The tabloid has been blamed for everything from exploitation of tragedy to violating media ethics to a flagrant disregard for good taste and decency.
But as we pillory yet another media outlet for a questionable decision – the page, with the bold headline “DOOMED,” shows a man struggling on a subway track, just seconds away from death – we also need to take a look at our own role in these morality plays.
For it’s not just journalists who are using cameras to document the triumphs and misfortunes of life, and then distributing the images. And the viewing audience for the resulting photos is surely not limited to those who work for media.
No, we are all playing photo editor and viewer, every day, thanks to our ever-present phones, tablets, surveillance and pocket-sized digital cameras, and access to the Internet.
Heck, we’ll even soon have cameras and WiFi in our eye glasses, thanks to Google Glasses, which could be on the market in a year or so.
All this technology provides us with a remarkable capacity to take and distribute photos. It also allows us to search, within seconds, for just about any image you can think of (and many you never would dream of).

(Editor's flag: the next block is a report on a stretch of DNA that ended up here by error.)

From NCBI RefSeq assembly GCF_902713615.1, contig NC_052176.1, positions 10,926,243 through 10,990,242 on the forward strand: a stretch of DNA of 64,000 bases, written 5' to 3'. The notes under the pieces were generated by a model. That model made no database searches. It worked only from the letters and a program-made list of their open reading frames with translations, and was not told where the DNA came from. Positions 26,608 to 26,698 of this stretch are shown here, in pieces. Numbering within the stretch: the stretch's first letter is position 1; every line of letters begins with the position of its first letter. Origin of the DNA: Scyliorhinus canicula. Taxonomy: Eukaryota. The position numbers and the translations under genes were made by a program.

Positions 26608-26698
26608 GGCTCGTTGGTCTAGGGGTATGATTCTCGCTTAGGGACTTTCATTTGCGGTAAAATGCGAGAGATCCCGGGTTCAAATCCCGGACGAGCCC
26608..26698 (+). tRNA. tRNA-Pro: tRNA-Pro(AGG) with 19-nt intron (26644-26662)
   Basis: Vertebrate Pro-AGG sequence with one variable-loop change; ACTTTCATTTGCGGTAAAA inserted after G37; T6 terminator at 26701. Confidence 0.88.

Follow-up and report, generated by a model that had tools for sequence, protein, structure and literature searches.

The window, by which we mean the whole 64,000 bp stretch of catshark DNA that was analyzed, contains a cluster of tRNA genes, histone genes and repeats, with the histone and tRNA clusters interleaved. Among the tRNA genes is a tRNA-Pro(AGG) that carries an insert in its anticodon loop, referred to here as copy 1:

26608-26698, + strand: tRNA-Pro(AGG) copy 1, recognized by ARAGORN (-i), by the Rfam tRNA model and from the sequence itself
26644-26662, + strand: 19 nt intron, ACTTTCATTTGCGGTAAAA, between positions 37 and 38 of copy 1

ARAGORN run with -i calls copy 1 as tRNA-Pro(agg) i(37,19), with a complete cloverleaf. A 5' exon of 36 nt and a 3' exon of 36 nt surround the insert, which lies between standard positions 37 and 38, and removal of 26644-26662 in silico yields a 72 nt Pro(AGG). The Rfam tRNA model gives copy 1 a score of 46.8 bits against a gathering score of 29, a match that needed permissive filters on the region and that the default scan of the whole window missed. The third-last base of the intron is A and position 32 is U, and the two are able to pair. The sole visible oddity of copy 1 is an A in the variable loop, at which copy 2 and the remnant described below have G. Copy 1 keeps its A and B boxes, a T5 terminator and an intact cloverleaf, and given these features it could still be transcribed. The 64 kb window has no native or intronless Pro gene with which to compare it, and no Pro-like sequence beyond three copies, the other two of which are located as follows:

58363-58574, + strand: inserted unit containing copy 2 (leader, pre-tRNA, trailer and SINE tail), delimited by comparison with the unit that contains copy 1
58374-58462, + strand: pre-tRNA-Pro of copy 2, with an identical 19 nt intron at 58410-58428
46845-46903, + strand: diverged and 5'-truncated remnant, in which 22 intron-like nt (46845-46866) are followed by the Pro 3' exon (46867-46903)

How many times, for example, was The Post’s photo viewed on computer by people who had never seen the print edition, but had heard about it and just couldn’t resist taking a peek? How many people tracked down the video of the teen set afire in B.C.?
What the software and hardware doesn’t provide is any sense of ethical behaviour, or even etiquette, when it comes to choosing what to post and what to look at. For that, we have to rely on human judgement.
And the front page of The Post – it has the seventh largest circulation of any newspaper in the U.S. – shows how fallible that can be. So do any number of Facebook postings. And let’s not even get started on sexting.
The Post’s decision to publish will have done some good if its triggers debate in our households not just about media ethics, but also about our own inner compasses.
We need to decide our own rules for voyeurism in public, and not lazily channel our outrage into calls for government regulation.
Technology has given us this tremendous power. Now it’s up to us individually to figure out how to harness it.
It doesn’t mean we should always settle for taking, or viewing, pictures of cute kittens. But it may mean that we pass by some shots of doomed innocents, or actress Anne Hathway’s lady bits as she gets out of a car.
A little reflection on what we are capturing, and how we are using it, could do wonders.
At the very least it would head off the finger of blame, which has nowhere to point when thought precedes action, instead of following it.